The barely-involved parents tend to lean against the wall and stay on their phones—probably checking Facebook. They don’t know where their kid is or what their kid is doing.  For all they know, their child could be scaling a four foot wall and jumping onto another kid’s head.

This just demonstrates this simple fact: people are more the same than they are different.  This is why I love segmentation studies—it’s fascinating that almost everyone can be grouped together based on similar behaviors.

At CMB, we strive to make our segmentation studies relevant, meaningful, and actionable.  To this end, we have found the following five-point plan valuable for guiding our segmentation studies:

  • Start with the End in Mind: Determine how the definition and understanding of segments will be used before you begin.
  • Allow for Multiple Bases: Take a comprehensive, model-based approach that incorporates all potential bases.
  • Have an Open Mind: Let the segments define themselves.
  • Leverage Existing Resources: Harness the power of your internal databases.
  • Create a Plan of Action: Focus on internal deployment from the start.

Because each segmentation study is different, using appropriate selection criteria ensures that segments can be acted upon.  In the case of the tumble gym patrons, we might recommend that marketing efforts be based on a psychographic segmentation.  What are the parenting philosophies?  In what ways does this motivate the parents, and how can marketing efforts be targeted to the low-hanging fruit?

Incidentally, I find that I fall into the middle segment.

Jessica is a Data Manager at CMB and can’t help but mentally segment the population at large.

Want to learn more about segmentation? In the “The 5 C’s of Great Segmentation Socializers,” Brant Cruz shares 5 tips for making sure your segmentation is embraced and used in your organization. 


Webinar: Modularized Research Design for a Mobile World

Join us and Research Now to learn about the modularized traditional purchasing survey we created, which allows researchers to reach mobile shoppers en mass. We'll review sampling and weighting best practices and study design considerations as well as our “data-stitching” process. 

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Topics: methodology, market strategy and segmentation

Global Mobile Market Research Has Arrived: Are You Prepared?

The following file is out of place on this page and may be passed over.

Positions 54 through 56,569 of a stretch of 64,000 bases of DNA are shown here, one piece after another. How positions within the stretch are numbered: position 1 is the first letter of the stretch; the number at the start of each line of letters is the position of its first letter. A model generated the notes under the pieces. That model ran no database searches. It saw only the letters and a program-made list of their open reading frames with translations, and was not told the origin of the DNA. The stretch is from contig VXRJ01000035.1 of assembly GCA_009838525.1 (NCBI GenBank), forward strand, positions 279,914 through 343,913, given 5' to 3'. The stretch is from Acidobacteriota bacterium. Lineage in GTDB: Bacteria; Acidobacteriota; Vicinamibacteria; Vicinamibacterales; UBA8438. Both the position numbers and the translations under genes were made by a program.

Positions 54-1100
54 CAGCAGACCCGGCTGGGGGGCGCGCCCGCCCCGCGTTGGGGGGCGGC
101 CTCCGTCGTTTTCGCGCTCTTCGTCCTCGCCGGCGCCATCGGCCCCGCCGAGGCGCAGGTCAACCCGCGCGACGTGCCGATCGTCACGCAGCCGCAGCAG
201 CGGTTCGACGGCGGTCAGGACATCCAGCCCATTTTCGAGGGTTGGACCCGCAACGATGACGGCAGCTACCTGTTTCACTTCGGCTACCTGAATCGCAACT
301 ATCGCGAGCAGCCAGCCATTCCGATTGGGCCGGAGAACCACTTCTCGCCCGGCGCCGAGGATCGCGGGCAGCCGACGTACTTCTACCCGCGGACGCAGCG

Posted by Brian Jones

Wed, May 14, 2014

mobile research,Chadwick Martin Bailey,CMB,Chris Neal,Brian Jones,mobile data collection,mobile stitching,GMI LightspeedThe ubiquity of mobile devices has opened up new opportunities for market researchers on a global scale. Think: biometrics, geo-location, presence sensing, etc. The emerging possibilities enabled by mobile market research are exciting and worth exploring, but we can’t ignore the impact that small screens are already having on market research. For example, unintended mobile respondents make up about 10% of online interviews today. They also impact research in other ways—through dropped surveys, disenfranchised panel members, and other unknown influences. Online access panels have become multi-mode sources of data collection and we need to manage projects with that in mind.

Researchers have at least three options: (1) we can ignore the issue; (2) we can limit online surveys to PC only; or (3) we can embrace and adapt online surveys to a multi-mode methodology. 

We don’t need to make special accommodations for small screen surveys if mobile participants are a very small percentage of panel participants, but the number of mobile participants is growing.  Frank Kelly, SVP of global marketing and strategy for Lightspeed Research/GMI—one of the world’s largest online panels—puts it this way, we don’t have the time to debate the mobile transition, like we did in moving from CATI to online interviewing, since things are advancing so quickly.” 

If you look at the percentage of surveys completed on small screens in recent GMI panel interviews, they exceed 10% in several countries and even 15% among millennials.

mobile research,Chadwick Martin Bailey,CMB,Chris Neal,Brian Jones,mobile data collection,mobile stitching,GMI Lightspeed

There are no true device agnostic platforms since the advanced features in many surveys simply cannot be supported on small screens and on less sophisticated devices.  It is possible to create device agnostic surveys, but it means giving up on many survey features that we’ve long considered standard. This creates a challenge. Some question types aren’t effectively supported by small screens, such as discrete choice exercises or multi-dimensional grids, and a touchscreen interface is different from what you get with a mouse. Testing on mobile devices may also reveal questions that render differently depending on the platform, which can influence how a respondent answers a question. In instances like these, it may be prudent to require respondents to complete online interviews on a PC-like device. The reverse is also true.  Some research requires mobile-only respondents, particularly when the specific features of smartphones or tablets are used. In some emerging countries, researchers may skip the PC as a data collection tool altogether in favor of small screen mobile devices.  In certain instances, PC-only or mobile-only interviewing makes sense, but the majority of today’s online research involves a mix of platform types. It is clear we need to adopt best practices reflect this reality.